Nice try, trying to get me to debate a definition…
A priori and a posteriori
From Wikipedia, the free encyclopedia
For other uses, see a priori (disambiguation) and a posteriori (disambiguation).
The terms a priori (“from the earlier”) and a posteriori (“from the later”) are used in philosophy (epistemology) to distinguish two types of knowledge, justification, or argument:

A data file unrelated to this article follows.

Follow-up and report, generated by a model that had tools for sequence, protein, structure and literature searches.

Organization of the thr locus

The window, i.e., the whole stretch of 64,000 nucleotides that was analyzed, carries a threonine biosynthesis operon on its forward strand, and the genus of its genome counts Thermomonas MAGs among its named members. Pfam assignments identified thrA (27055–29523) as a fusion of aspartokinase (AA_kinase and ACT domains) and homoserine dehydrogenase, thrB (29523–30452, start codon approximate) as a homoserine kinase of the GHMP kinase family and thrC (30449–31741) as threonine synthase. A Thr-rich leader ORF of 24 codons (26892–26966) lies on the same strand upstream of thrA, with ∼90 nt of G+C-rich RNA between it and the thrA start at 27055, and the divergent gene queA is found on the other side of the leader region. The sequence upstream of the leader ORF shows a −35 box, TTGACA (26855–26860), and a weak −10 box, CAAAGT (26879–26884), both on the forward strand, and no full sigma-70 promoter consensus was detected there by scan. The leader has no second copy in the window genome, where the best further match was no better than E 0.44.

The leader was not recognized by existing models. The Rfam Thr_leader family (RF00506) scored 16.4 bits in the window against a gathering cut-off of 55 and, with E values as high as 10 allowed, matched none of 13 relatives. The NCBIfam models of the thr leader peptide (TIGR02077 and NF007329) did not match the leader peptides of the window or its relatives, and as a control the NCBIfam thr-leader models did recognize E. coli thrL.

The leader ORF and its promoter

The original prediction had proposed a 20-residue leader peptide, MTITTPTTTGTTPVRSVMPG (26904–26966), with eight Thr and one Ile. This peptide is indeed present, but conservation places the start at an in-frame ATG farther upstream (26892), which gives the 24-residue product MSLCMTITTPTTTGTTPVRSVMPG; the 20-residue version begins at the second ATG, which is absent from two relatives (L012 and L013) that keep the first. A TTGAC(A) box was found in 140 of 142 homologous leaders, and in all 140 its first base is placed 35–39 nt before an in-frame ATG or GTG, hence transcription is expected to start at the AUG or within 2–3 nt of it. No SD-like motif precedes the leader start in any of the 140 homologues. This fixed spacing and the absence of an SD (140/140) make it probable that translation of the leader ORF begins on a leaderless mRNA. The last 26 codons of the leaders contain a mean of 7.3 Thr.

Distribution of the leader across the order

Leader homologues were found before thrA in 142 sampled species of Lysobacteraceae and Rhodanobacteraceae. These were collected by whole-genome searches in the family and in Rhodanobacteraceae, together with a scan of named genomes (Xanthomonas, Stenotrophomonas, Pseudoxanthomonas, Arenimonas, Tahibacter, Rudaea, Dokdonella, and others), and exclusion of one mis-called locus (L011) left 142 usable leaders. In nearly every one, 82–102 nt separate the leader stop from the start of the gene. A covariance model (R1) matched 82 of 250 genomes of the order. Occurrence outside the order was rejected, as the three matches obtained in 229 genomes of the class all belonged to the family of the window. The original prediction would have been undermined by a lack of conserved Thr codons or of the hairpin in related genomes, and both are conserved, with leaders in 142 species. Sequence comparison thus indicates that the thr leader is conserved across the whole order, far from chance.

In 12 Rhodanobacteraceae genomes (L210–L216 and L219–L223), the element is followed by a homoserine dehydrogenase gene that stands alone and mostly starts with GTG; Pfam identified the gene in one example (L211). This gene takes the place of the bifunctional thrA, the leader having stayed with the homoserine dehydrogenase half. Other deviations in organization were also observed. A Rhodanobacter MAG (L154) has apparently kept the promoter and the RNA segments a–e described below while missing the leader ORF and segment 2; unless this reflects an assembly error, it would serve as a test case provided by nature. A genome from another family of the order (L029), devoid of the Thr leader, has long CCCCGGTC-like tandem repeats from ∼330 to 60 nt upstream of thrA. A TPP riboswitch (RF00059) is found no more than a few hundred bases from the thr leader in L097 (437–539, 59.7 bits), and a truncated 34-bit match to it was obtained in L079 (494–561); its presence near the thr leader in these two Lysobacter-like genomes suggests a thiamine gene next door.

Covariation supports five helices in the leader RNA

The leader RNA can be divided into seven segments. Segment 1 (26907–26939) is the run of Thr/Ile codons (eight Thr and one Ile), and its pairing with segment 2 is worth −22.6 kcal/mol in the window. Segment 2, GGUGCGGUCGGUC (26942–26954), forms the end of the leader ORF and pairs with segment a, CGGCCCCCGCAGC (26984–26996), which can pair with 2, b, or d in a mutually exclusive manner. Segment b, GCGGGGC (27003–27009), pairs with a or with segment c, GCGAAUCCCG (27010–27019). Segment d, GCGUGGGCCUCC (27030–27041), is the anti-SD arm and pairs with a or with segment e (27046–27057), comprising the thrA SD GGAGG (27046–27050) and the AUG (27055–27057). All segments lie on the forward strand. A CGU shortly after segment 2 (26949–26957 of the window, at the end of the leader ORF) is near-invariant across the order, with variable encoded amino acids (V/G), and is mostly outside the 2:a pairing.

A priori knowledge or justification is independent of experience (for example “All bachelors are unmarried”). Galen Strawson has stated that an a priori argument is one in which “you can see that it is true just lying on your couch”. You don’t have to get up off your couch and go outside and examine the way things are in the physical world. You don’t have to do any science.”